“Cool? Excuse me???” I sat back in my chair on the deck and folded my arms. “Why can a 16 year old Mexican son be cool but a 42 year old Caucasian dad cannot?”

“You’re 43…”

“I know how old I am and I am cool, too!”

Jose gave me a tight-lipped grin, and nodded his head.

“Dad, it’s like this… it’s just messed up. My generation is into the coll rock music and guys your age want to listen to our music.”

“This is not YOUR music. Your grandmother listened to Rock-N-Roll when she was younger, and I can remember Mother listening to rock music when I was a teenager. She knew Air Supply and some of the other top bands. And another thing, when I went to pick up Molly Crouch for her lesson Thursday, I was telling Mrs. Crouch about Beavercreek’s show and when I said we were doing a Bon Jovi medley she said, ‘I bet one is LIVING ON A PRAYER.’ Mrs. Crouch is about four to five years older than me. Mrs. Branson even knew the songs and she use to like some of the heavier rock bands in the 1970’s. You make it sound like it is a sin for my generation to appreciate quality rock music.”

The tight-lipped grin appeared, accompanied by the chin extending from the neck in the familiar nod. Jose turned on his heal and went inside.

My MP3 player was loaded.

Around 6:00pm, I decided to go to Kroger to get some cucumbers to make some cucumber salad like my sister-in-law, Stacia, made the previous weekend (of course, the recipe from the internet was nothing like hers…). I plugged my MP3 player into the stereo, and as I backed out on to Shroyer Road, “Living On A Prayer” started. I nudged the volume a bit.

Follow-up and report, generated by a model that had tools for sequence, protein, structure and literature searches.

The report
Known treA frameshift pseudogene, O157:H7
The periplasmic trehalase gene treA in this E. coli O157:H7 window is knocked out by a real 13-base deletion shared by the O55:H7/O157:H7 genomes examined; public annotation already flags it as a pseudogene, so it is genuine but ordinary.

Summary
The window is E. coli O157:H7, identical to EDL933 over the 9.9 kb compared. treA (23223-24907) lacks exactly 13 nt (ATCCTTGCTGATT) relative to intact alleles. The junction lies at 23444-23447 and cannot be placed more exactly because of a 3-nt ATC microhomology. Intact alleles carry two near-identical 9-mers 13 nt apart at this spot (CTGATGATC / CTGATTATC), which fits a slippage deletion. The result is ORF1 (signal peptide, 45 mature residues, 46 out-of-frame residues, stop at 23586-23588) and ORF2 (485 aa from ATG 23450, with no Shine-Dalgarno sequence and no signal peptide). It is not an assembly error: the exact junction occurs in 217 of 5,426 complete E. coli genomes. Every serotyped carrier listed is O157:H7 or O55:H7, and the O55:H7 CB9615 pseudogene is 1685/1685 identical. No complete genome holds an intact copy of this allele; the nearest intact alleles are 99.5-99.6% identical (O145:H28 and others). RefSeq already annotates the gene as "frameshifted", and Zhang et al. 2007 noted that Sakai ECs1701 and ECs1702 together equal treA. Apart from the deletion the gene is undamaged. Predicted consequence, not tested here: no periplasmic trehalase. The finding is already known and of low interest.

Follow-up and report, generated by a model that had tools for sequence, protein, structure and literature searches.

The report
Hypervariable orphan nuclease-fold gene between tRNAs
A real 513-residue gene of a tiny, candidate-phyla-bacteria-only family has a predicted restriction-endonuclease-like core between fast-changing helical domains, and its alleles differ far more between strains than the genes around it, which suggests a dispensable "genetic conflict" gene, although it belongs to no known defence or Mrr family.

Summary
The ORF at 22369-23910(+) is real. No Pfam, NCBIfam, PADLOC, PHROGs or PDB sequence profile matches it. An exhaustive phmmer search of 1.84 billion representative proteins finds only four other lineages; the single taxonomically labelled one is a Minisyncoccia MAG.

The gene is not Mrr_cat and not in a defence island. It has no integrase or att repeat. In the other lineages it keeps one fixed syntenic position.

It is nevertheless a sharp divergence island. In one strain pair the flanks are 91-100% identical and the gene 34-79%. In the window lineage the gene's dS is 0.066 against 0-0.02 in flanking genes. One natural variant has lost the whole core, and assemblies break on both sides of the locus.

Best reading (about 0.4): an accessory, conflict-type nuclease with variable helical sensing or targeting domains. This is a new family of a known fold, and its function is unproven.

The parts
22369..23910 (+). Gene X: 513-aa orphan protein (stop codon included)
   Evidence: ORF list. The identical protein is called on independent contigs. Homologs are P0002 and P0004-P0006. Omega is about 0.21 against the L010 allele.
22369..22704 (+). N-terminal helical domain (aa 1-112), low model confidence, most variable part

The song was still too soft.

The volume was pumped a little more.

At the stoplight at Lincoln Blvd a car pulled up beside me.

I was not paying attention. The music was a little loud.

Oh… I realized someone was shouting to me from the neighboring car.

“Mr. Haas!” screamed a former student. “When the hell did you start listening to Bon Jovi?”

“I’ve always liked rock music – and why is everyone saying ‘hell’ today?”

He laughed and abruptly left my side as the light changed to green.

I turned into the Kroger parking lot at Eichleberger Plaza, and as I slowly turned into a parking space, there was a gentleman approximately my age – his head began bouncing. I thought it was a seizure but then realized his head was pulsating to the music from my car.

“Wow! This is COOL. Someone my age is getting into this music.”

I remembered a few years back when rock legend Donna Summer was performing at the Fraze Pavilion near us. We walked over, the boys groaning with each step as the music got louder. We ran into Cathy & John Moore, parents of two wonderful sons who were former students (Jeremy and Dan). When “Last Dance” started, the area on the street outside the Fraze went nuts. Cathy was up dancing with others. How neat that was to see my generation, several decades removed from puberty, up dancing to a legend from our youth!

I smiled at that memory as I parked and got out of the car.

“That’s one helluva song!”

I turned to see the guy bouncing as he put his groceries in the back of his SUV.

“I saw him in concert,” the gentleman grinned.

“Bon Jovi?” I asked.

“Yeh. (Uncertain…) He was the one who recorded it. Sounds like you have the 2000 or 2007 version of his latest album.”

“Yip. That’s what I have all right.”

I turned quickly to head into Kroger, fearing he might as me more particulars. I had no idea what version I had. It was on Amazon.Com and I bought it for $.89, along with several other songs from the show choir medley.

As I traipsed through the aisles of the grocery store, I had a little more bounce to my step. Someone from my generation seemed to accept the fact that at my age I am allowed to listen to rock music.

“It’s my life…”